Mental health U-turn
The Government has agreed to back down on controversial elements of its planned Mental Health Bill after opposition from GPs and psychiatrists.
Its plans had been widely criticised for their confusing definition of mental illness and for attempts to rescind the treatability clause governing who can be sectioned for avoiding treatment.
Ministers have now agreed to alter their proposals after doctors warned patients who were not currently defined as mentally ill might otherwise be compulsorily treated.Health minister Rosie Winterton announced the climbdown over treatability last week, proposing instead a compromise that would permit enforced treatment only in situations where it was 'intended to alleviate a condition or prevent if from getting worse'.
Ms Winterton said: 'We have had productive discussions with members of the House of Lords, House of Commons and with stakeholders, and have listened to their views and concerns. 'We have worked closely together to strengthen the bill, and with these amendments I feel we have got the balance right.'
The amendments also include changes to new supervised community treatment orders – designed to encourage treatment of patients in the community after release from hospital or offenders' units.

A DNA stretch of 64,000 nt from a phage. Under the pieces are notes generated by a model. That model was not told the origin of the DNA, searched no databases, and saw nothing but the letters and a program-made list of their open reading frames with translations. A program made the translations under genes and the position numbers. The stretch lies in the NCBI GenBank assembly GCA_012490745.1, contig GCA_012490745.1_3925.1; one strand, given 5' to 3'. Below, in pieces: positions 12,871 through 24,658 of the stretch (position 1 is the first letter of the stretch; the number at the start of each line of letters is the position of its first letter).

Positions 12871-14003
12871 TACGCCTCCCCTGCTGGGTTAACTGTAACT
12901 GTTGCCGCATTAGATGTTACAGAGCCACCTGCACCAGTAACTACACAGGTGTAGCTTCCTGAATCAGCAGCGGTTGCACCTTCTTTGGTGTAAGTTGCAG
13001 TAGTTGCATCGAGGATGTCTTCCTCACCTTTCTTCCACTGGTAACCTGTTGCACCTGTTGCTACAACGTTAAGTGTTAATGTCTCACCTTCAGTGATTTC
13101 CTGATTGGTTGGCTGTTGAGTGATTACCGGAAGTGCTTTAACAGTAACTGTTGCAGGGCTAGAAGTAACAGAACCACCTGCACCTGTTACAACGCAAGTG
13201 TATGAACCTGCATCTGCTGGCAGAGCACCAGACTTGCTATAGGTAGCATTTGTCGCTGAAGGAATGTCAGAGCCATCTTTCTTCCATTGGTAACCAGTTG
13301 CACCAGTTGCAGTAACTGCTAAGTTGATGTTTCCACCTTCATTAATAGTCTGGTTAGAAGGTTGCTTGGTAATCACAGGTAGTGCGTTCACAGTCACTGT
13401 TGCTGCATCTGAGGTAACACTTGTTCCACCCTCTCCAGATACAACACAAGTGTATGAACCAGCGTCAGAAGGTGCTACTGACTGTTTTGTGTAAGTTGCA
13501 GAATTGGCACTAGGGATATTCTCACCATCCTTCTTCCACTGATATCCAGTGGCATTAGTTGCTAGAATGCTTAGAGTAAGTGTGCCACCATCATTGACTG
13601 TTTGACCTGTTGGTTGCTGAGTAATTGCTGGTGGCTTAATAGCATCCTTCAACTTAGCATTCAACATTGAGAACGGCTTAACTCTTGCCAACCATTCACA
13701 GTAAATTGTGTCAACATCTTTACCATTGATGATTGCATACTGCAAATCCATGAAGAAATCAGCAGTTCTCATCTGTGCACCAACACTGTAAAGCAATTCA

The Government is persevering with community treatment orders despite fresh research, presented at the Royal College of Psychiatrists annual meeting in Edinburgh last week, that suggested it would take 100 orders to prevent a single psychiatric readmission, and that they did little to address the problem of 'revolving-door care'.
Professor Mayur Lakhani, chair of the RCGP, welcomed the clarification on how community treatment orders were to be used, but added that he was concerned about the practicalities of implementing them and their impact on general practice.
He also said the college had been disappointed by the lack of proactive dialogue with GP organisations about the Mental Health Bill – and said GPs would need more support in managing patients with complex mental health issues.
Amendments to the bill
• Supervised community treatment – an order can only be placed to ensure patients receive treatment to prevent the risk of harm to their health or safety, or to protect other people. Doctors will not be able to 'ban' patients from certain places or activities.
• Patients' rights – advocates will be appointed to support mental health patients, to help patients understand the treatment they are being given and how to exercise their right.
• Children and young people – young people must receive treatment in an environment that is suitable for their age and geared to meet their needs.
• Mental Capacity Act – statutory access to be provided to advocacy for people deprived of their liberty under the MCA, with changes to regulations when advocates are unavailable.